“Today is Labor Day—and there’s a good reason it’s a national holiday. By organizing together and fighting collectively, workers have been able to better their lives and the lives of their families. So rather than think about Labor Day as the last gasp of summer or bemoan the loss of union clout, let’s redouble our efforts to recreate an enduring middle class.
to urge Congress to stand with American workers and their unions.
“Robust unions help everyone, not just members, and a growing body of research demonstrates that. There’s a multiplier effect. Unions lift up communities, strengthen the economy and deepen our democracy.
“Last week, the Economic Policy Institute (EPI) released a study showing that when union membership falls, wages fall for everyone. If unions were as strong today as in 1979, non-union men with a high school diploma would earn an average of $3,016 more a year. And the Center for American Progress (CAP) has found that kids who live in communities where unions are strong have a better chance to get ahead.
“For those in unions, the advantage is even clearer. Collective bargaining leads to higher wages, economic growth, equality under the law, better public services and a strong public education system—all essential to leveling the playing field for working families. Workers in unions earn, on average, 27 percent more than their nonunion counterparts. The National Women’s Law Center (NWLC) has found unions close the pay gap for women, and the Center for Economic Policy Research (CEPR) has found black workers see outsized gains from union representation. It’s a powerful reminder of the link between organized labor and economic success.
for more on unions’ impact on the gender pay gap.
“You see the union advantage in our advocacy as well. When the recession devastated the construction sector and put millions of Americans out of work, the American labor movement came together with the goal of raising $10 billion to repair the nation’s crumbling infrastructure. Five years later, our members’ pension funds reallocated $16 billion for infrastructure investments, including rehabilitating New York City’s LaGuardia Airport, turning it into a travel hub befitting a great modern city and creating good American jobs in the process.
to learn more about our union’s effort to rebuild LaGuardia Airport.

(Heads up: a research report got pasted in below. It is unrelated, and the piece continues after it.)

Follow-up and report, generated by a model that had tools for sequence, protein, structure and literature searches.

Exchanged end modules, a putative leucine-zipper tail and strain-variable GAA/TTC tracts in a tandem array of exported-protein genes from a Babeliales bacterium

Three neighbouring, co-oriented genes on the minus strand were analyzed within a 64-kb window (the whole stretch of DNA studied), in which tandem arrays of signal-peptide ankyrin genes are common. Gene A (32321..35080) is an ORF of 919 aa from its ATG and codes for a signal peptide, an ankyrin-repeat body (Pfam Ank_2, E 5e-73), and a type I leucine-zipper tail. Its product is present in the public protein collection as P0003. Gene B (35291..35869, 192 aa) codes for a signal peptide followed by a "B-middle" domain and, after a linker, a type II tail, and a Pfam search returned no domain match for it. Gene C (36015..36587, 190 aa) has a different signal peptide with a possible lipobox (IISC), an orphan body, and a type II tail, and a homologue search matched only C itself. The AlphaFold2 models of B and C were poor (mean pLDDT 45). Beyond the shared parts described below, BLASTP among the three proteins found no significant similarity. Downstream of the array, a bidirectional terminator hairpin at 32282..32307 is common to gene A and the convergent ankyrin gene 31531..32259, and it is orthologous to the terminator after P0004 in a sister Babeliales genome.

“Despite years of right-wing attacks on unions, which have curbed union strength dramatically, a 2015 Gallup poll found a majority of Americans would join a union if they had the choice. They want what a union offers: a voice in their workplace, the opportunity to negotiate wages and benefits, and the ability to retire with dignity and security.
for press coverage of last year’s survey.
“Indeed, despite all the attacks waged against us, AFT—which celebrated our 100th anniversary at our national convention this summer—has grown over the past several years, with well over 1.6 million K-12 and higher education educators and staff, state and local public employees, and nurses and other healthcare professionals as members.
for photos of Connecticut union members at our national convention.
“And now we are seeing more vulnerable workers, such as adjunct faculty, graduate students, teachers at charter schools and early childhood educators seeking to join our ranks. In the private sector, tens of thousands of low-income workers have joined the Fight for 15 and the union movement because they know a union will help them get long-denied wage increases.
“The aftermath of the Great Depression and World War II led our country to understand we were all in it together. We established the GI Bill and other educational access and equity programs; management and labor respected each other, with unions being the voice of labor; and the middle class thrived.
“Now, as income inequality is again at its height, let’s remember on this Labor Day what a strong labor movement has done—and can do again—to help workers, our communities, the economy and our democracy grow and thrive.
“This Labor Day, let’s make sure our elected officials remember as well.”